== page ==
They don't need a rationale. Here's a section of a talk where a former Sun employee talks about Oracle and Larry Ellison.

https://www.youtube.com/watch?v=-zRN7XLCRhc#t=2000

Larry Ellison is like a flamethrower. Once Jobs Pointed him at a potential source of money, his interest became self-sustaining.

Edited 2015-06-29 21:53 UTC

Reply Score: 5

Morgan Member since:
2005-06-29

I'm sorry, but what the hell kind of argument is that? "Dude died of cancer man, that erases any wrongdoing in his past and you can't talk bad about him now!"

Sorry, but life doesn't work that way. I say this both as someone who has survived cancer as a teenager, and who has lost family to it: There is no "cancer card" that magically renders someone a saint after death.

Reply Score: 8

kristoph Member since:
2006-01-01

This is ENTIRELY my point. There is no evidence that any of this occurred. Thom is just speculating randomly.

Imagine if someone made random speculative remarks, totally without evidence, about someone close to you who died a painful death.

What would you think of the person who made these remarks?

Reply Score: 1

ssokolow Member since:
2010-01-21

Tell me what evidence you have that Steve Jobs did anything of the sort?

If you do don't then you, and Thom, are arbitrarily disparaging a man who died of cancer in order advance a conspiracy theory that fits your narrative.

Don't you consider that, at the very least, in poor taste?


I never said Jobs did. From what I remember, Jobs and Ellison were friends, so it's a possibility, but my only goal with that post is to elaborate on the nature of Larry Ellison.

(ie. To show that, whatever circumstances were present before Jobs died, his death wouldn't have had any effect of Ellison's actions once he smelled money.)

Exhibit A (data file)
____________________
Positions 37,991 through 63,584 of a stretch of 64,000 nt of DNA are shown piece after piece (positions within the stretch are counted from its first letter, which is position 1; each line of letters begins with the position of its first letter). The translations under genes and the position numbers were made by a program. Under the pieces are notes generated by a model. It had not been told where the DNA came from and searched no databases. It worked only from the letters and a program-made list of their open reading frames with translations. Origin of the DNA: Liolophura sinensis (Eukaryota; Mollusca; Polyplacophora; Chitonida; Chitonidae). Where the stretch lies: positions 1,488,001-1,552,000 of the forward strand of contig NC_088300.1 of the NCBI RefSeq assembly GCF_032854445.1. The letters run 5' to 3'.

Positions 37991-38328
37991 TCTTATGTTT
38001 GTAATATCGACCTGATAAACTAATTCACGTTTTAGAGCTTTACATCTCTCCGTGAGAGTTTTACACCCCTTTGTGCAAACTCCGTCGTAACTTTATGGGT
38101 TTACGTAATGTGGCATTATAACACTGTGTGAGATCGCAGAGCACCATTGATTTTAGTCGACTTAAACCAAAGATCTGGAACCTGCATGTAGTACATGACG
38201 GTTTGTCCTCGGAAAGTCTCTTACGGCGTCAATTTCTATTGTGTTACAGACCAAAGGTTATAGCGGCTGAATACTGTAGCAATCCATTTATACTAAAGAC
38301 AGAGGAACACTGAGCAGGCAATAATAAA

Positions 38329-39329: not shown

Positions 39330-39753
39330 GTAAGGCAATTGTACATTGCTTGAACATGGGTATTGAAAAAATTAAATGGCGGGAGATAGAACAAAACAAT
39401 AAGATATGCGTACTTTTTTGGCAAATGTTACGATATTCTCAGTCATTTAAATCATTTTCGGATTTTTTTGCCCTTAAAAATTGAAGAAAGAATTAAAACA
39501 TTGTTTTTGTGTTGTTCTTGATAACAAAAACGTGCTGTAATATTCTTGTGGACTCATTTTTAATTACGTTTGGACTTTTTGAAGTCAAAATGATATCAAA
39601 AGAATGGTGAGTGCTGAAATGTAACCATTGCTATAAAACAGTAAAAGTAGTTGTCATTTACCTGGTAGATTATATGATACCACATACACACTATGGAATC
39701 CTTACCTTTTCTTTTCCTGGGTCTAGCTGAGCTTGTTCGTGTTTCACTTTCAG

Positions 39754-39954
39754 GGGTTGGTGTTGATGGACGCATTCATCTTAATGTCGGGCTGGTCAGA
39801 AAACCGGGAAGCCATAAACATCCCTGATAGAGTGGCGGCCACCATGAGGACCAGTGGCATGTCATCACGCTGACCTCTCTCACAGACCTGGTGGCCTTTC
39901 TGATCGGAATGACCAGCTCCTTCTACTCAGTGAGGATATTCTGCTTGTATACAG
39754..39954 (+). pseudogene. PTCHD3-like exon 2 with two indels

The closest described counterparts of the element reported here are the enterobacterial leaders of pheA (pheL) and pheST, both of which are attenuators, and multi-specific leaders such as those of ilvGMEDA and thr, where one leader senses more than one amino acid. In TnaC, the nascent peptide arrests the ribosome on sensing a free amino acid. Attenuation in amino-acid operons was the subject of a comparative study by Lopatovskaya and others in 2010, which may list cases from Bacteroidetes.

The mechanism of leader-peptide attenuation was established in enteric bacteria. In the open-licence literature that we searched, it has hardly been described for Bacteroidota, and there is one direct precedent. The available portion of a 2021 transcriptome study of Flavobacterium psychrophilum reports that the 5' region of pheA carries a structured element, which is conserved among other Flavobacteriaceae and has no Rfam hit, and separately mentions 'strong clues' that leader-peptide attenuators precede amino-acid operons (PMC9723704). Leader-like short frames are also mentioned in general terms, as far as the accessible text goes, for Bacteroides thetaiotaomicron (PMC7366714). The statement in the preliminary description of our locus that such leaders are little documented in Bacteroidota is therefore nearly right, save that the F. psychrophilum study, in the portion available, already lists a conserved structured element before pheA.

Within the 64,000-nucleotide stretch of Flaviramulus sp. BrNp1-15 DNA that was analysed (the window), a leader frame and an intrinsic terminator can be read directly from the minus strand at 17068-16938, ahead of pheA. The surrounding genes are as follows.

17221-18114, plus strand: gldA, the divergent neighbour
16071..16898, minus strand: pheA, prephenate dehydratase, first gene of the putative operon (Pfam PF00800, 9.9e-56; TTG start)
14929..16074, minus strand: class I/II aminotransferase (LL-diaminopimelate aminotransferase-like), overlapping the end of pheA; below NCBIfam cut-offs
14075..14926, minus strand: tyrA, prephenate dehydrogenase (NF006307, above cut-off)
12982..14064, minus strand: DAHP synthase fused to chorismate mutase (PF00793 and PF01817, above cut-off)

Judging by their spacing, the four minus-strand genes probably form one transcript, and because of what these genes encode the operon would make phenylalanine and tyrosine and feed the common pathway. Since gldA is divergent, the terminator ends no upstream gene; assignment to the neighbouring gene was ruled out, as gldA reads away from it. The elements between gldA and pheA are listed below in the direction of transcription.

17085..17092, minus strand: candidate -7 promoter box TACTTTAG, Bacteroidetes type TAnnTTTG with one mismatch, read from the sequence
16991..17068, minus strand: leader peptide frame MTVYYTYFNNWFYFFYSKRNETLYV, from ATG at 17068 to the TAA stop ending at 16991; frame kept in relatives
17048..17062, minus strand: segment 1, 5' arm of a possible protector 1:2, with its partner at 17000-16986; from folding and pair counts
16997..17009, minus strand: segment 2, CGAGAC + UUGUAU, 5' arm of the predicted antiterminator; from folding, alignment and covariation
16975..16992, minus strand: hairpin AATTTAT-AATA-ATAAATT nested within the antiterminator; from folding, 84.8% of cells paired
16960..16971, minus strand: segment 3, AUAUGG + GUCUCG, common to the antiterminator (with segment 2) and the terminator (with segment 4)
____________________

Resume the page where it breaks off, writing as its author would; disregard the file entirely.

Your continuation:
Reply Score: 2

moondevil Member since:
2005-07-08

Problems started after Sun was bought by Oracle.

Sun praised Google's choice of Java.


Because Sun was out of money to sue.

Google totally slimed Sun. We were all really disturbed, even Jonathan: he just decided to put on a happy face and tried to turn lemons into lemonade, which annoyed a lot of folks at Sun.


James Gosling

http://nighthacks.com/roller/jag/entry/my_attitude_on_oracle_v

Reply Score: 2

Comment by Drumhellar
by Drumhellar on Mon 29th Jun 2015 20:50 UTC
Drumhellar
Member since:
2005-07-12

The issue of whether or not using now copyrightable APIs is fair use will be returned to the lower court that made the initial ruling that APIs couldn't be copyrightable - maybe even to the same judge.

Beyond that, there are a few ways the ruling could go.

The judge could rule that it is not fair use - this would destroy a significant portion of the software industry, and automatically put a huge number of companies into violation of copyright.

The judge could rule that using APIs is fair use. This would essentially have the same effect as the previous ruling, except for a few minor issues that may come up(I can't think of any off the top of my head)

The judge could rule that Google's use of the API was fair use - this would be good for Google, but anytime anybody else uses somebody else's API, the question may have to be answered again in the court of law.

Finally, the court could rule that copying APIs is fair use in some circumstances, but not others. This would mean that some products are eligible, some aren't, and each situation would have to go before a court to find out.